It is 4 August, and the official T+3 Market Open is underway, as the JSE celebrates the successful implementation of the T+3 project, in recognition of the pivotal role that both clients and stakeholders played in enabling achievement of this significant milestone. This is the celebration after years of hard work.
To fully enjoy the festivities, one needs to understand the sheer amount of work that preceded this. The T+3 Equity Market cycle project, which went live on 11 July, has been in the pipeline for more than three years. In an exclusive interview with Dr Leila Fourie, Director of Post Trading Services of Johannesburg Stock Exchange, she explained just how much a labour of love T+3 really was:
“The project has been in the making We conceived of it a decade ago, and we decided to implement it in earnest three years ago. The JSE took the decision to implement the T+3 project over 3 phases, and over a 3 year timeframe. This decision was influenced by the technical complexity involved in the transition, and to allow the market sufficient time to adopt new processes. The first phase had a minimal market impact, and was focused on implementing ‘under the hood’ JSE technical changes that would enable further changes in subsequent phases. The second phase saw a host of changes being introduced to systems that were core to the settlement process: firstly a number of functional enhancements were made to the JSE’s Broker Dealer Accounting (BDA) system, and secondly the JSE introduced a brand new system called ECS – the Equities Clearing System. The third and final phase saw further changes being made to BDA and ECS, and the physical shortening of the settlement cycle from 5 to 3 days. Also, we recently had an international road show for T+3 in London and that was extremely positive – so it is really an ‘SA Inc.’ initiative rather than a JSE one alone.”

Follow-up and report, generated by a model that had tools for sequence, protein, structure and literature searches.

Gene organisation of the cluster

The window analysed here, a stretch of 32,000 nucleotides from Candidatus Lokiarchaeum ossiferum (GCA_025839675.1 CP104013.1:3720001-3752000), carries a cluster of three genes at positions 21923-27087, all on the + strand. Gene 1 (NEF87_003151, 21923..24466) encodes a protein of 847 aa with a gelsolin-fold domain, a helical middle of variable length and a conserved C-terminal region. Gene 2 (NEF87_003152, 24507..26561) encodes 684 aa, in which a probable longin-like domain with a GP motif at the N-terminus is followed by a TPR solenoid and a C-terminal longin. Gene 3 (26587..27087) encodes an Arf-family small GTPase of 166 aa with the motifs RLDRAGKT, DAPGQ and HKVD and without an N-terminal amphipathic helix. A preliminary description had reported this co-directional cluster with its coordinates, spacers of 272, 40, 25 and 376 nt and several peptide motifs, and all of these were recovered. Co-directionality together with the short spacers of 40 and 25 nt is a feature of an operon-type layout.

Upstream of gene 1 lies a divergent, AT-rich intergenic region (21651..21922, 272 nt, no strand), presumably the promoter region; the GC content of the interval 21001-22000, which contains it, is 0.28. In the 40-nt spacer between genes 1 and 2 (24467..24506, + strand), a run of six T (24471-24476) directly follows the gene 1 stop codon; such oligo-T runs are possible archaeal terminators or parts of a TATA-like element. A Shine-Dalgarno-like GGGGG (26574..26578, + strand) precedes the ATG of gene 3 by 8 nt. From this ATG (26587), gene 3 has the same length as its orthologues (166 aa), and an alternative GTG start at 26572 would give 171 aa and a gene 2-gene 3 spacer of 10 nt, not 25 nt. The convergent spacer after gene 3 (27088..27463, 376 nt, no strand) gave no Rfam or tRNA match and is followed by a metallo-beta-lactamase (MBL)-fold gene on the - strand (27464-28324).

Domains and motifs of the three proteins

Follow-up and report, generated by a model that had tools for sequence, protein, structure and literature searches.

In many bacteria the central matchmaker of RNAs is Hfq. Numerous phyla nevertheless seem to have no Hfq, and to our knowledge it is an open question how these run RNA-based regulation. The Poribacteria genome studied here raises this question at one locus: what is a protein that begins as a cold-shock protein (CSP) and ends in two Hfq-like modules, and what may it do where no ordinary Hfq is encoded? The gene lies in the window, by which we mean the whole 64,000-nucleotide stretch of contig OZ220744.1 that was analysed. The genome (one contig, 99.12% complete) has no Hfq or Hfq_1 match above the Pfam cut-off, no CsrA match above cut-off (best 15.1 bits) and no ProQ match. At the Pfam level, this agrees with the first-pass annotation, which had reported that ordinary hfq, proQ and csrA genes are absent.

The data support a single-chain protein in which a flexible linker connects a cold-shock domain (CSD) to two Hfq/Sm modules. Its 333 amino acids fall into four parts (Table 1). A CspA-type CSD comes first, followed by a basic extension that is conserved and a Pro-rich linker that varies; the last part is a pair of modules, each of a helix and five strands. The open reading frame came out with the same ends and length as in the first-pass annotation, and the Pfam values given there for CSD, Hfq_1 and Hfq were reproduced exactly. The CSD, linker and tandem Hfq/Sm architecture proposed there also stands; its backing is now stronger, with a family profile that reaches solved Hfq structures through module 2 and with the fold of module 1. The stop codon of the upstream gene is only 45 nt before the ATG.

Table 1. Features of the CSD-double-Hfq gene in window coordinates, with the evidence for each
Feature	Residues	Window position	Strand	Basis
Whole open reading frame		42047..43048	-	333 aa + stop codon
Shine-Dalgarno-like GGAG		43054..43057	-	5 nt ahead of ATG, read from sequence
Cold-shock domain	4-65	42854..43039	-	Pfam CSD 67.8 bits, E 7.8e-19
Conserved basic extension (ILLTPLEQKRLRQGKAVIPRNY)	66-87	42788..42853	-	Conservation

A lot of work for what amounts to a fundamental restructuring of the way the JSE handles trade and, thus, how the South African markets operate. With T+3, the previous cycle of 5 days is now shortened to 3 days (hence the name) and so equities are now delivered in exchange for payment in four days, as opposed to the previous six days.
This seemingly small adjustment has already and will continue to make a massive impact, according to Fourie:
“Shortening of the settlement cycle from 5 days to 3 days means that funds are released 2 days earlier than before, adding to the funds in circulation in the market. Market liquidity is therefore increased, and the funds are immediately available for reinvestment. As a result trading volumes, and hence price transparency, can be positively impacted. Apart from the new automated functionality, this means that investors, brokers and all other participants have to get their settlement instructions and have to confirm trade a lot sooner than they had to previously, improving the overall liquidity and efficiency of the equity market.
“It’s a very, very material impact. A shorter settlement cycle means that systemic risk is lowered: in the event of a default in the market, the number of unsettled transactions in a 5 day cycle would be higher than in a 3 day cycle. The likelihood of a default occurring during a 5 day cycle is also higher than over a 3 day period. We trade an average R25 billion a day. We cannot pin the impact to a specific figure as of yet but by reducing the settlement cycle by 2 of those 5 days, an extra R50 billion rand will be circulated on any given day. Anecdotally, that provides the markets with approximately a 7 to 10 percent lift, roughly.